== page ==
Splicing in the plug to the 02 loom. This sounds bad, cutting up '02 looms, but it only takes 7 wires to splice in, and if you are clever you don't need to cut some of them, I only ended up cutting 4 wires I think. all cuts and joints will be hidden once the loom gets wrapped back up. My aim is to make the loom appear original and untouched without lose wires everywhere. I just have to get everything running properly before I can do that.


I have bundled up all the plugs to sensors and equipment I wont be using due to the carb setup - Throttle Sensor, Air Flow Sensor, Injector leads etc. I will put these in a little black plastic bag to keep them waterproofed and semi hidden. If I ever want to go injection I can just bolt on the relevant parts and plug in.


Distributor fitted with leads:


Passenger footwell minus glovebox, all this cabling needs fixing down and tidying up:


Had a bit of trouble trying to get my engine to send a spark and get the fuel pump to run. With having so much equipment unplugged and no one to ask who has done this setup before (M20 with ECU ignition) I had no idea if it needed signals from missing equipment. Eventually I found out that it was the fuel pump relay. As the original high pressure injection fuel pump pulls lots of amps it is on a relay with a signal to the ECU, however my low amp carb fuel pump does not pull enough amps to switch the relay when signalled to. As it is such a small (5 Amps) load the fuel pump on my setup doesnt really need to be relayed, so I did this little bodge so that the pump runs when the "relay" is signalled.


Making the spacer I need for my water neck out of some sheet 10mm ally, took some time with primitive tools;





So now my engine turns over on the starter, the fuel pump works when it should and its getting a spark when it should. I still need to:

Route all my coolant pipes and fill with coolant

Install electric fan wiring

test compression

final fitment of carbs and manifold

accel cable linkage setup

carb setup and tuning ready for the main event, hopefully next weekend


Weekend update!

Final installation of manifold and carbs, I hooked up the accelerator linkage and the rocker breather hose


Performed compression test, all cylinders were 170-180psi


Final installation of the water neck with the spacer, and custom coolant pipework.


Fitted HT leads and conduit, exhaust downpipe, filled with coolant...


When filling I noticed the heater valve was leaking, as the M20 runs a pressurised system this would be no good, I found the O-Rings on the heater valve had gone totally solid, I replaced them and all appears OK


Added some engine break-in fluid...


Switched on the ignition to fill the carbs with fuel, seconds away from starting up I noticed the front carb was flooding petrol into the cylinders :( Cylinder 1 had a lake in the manifold....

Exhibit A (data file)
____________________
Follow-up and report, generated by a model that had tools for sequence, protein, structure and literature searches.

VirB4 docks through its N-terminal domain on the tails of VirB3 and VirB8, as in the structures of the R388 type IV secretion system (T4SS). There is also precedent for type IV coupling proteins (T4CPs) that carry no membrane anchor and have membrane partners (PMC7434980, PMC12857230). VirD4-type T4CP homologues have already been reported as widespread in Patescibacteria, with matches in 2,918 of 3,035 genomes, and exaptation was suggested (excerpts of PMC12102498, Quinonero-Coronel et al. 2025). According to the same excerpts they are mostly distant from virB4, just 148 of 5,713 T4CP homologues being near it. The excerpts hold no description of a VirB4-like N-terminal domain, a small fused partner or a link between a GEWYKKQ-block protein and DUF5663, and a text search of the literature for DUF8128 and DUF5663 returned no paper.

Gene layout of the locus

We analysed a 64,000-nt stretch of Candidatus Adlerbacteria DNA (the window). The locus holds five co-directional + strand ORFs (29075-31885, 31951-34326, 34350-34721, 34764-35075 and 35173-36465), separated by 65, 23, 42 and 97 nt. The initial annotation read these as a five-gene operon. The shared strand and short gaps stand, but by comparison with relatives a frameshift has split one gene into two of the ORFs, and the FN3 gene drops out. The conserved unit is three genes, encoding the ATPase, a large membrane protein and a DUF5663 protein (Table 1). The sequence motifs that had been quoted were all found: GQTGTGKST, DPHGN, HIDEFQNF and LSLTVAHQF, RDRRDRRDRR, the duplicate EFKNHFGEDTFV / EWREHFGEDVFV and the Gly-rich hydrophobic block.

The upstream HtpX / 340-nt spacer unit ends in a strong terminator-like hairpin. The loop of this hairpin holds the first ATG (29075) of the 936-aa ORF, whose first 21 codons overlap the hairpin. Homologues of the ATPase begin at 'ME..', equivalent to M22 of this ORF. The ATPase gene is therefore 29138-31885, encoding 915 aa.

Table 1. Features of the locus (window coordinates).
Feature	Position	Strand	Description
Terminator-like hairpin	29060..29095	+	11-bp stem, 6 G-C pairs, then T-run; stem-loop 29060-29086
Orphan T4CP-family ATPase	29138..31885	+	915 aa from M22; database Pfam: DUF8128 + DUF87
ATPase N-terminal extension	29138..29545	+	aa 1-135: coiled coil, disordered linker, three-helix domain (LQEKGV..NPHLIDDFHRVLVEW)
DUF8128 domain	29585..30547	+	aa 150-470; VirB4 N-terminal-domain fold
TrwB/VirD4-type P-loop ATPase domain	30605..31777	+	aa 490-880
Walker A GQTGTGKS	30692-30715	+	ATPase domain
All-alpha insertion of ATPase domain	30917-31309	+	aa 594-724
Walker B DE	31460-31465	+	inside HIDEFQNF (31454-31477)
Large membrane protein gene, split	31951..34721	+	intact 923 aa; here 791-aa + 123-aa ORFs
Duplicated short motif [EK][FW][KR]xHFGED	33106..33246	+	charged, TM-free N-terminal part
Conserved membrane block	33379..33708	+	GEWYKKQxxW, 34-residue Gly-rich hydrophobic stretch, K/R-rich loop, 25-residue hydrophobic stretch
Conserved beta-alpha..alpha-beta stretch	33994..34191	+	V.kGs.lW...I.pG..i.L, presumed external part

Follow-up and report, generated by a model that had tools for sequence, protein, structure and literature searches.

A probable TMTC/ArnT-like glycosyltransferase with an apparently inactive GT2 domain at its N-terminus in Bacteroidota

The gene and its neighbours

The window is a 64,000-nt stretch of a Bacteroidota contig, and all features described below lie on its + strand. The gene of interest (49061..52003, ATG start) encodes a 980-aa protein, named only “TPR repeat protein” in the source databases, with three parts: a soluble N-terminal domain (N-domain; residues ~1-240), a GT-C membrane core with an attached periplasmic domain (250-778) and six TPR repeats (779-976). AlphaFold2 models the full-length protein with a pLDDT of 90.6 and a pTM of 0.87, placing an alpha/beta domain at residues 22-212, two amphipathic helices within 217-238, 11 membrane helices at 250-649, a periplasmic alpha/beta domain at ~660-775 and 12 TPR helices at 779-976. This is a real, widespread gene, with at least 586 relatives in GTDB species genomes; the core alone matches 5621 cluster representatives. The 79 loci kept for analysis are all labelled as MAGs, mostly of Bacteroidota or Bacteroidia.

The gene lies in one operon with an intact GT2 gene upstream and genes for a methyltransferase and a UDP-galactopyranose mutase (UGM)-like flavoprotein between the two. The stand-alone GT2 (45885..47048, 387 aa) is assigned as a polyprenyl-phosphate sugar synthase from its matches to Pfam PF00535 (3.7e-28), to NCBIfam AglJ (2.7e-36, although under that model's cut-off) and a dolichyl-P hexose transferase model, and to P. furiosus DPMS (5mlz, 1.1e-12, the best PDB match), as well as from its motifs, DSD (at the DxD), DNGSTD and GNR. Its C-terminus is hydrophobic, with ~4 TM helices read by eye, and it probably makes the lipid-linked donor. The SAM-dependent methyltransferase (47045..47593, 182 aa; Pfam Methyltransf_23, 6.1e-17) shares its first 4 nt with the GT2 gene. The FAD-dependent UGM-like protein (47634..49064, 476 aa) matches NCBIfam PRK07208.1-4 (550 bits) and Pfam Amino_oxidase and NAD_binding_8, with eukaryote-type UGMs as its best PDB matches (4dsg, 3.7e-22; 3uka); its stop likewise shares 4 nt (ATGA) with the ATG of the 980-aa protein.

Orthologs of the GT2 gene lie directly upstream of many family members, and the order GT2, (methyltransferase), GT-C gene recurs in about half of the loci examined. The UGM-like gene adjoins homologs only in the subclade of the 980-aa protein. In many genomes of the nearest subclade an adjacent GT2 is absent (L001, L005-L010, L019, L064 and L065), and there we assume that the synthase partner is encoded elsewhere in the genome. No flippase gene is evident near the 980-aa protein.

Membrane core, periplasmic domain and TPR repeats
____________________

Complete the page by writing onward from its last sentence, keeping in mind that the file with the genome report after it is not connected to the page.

I found the pump circuit diaphragm had perished and was passing fuel. I had checked everything except the pump diaprams on the carbs... typical really. The other two carbs have had their diaphragms replaced at some point but this one is an original one. This has put an end to my hopes this weekend until I can get a replacement :(


I moved on to other jobs...

Fixing down ECU and cabling in the passenger footwell, I could have put it in the glovebox itself but it would have been much more work, I will have to make passengers fully aware of their responsibilities, I dont think there will be an issue in all honesty



All dissapeared!


Starting on my under seat battery setup, I'm doing the double Odyssey PC680 setup, you should get away with one on an M10 but the M20 will require that much more cranking.



I used sticky back closed cell foam to mount the battery on.



Still to do:

Start the engine!

Fit 2nd battery and hook up in parallel

install rear brakes

bleed the whole brake system

obtain front ARB and fit

get exhaust system made


Belated weekend update!

Firstly she's alive!

Started her up on friday, a couple of pumps and she fired into life almost straight away. Once warm she held a poor idle before I managed to balance the carbs with a synchroniser and leaned off the idle mixture. I ran her upto temperature for about 30 mins with lots of revving. At the moment the car has only a downpipe and no exhaust, also the downpipe is rattling on the floor of the car and steering arm so she is very loud and has knocks which makes it hard to tell just how well she is running but I think its actually quite good. Doesnt sound like she bogs down on acceleration and she returns to idle smoothly and quickly. She also maintains a consistent revs at idle. The bigger cam etc means the idle will never be super smooth which makes judging things harder again. Once I get a proper exhaust made I will be able to tune the engine better and get an idea of how good or bad she is running. Before rolling road. Couple of things I do need to sort, 1) the rev counter is 50% out as I expected, (i believe there is a fix for this) and 2) there is a big oil leak from the top of the cylinder head to crank case oil return pipe, I hope this is fixable without having to pull all the carbs and the manifold. which the pipe plumbs into.

So with the engine running and all the electrics testing out OK I got to the job of wrapping the loom up.

Here is the bulk of my task:



All wrapped:



Even got new piping for the washer system and hooked that up:


With the engine now running and the wiring finished, I now need brakes and propshaft for a car that moves and stops by itself!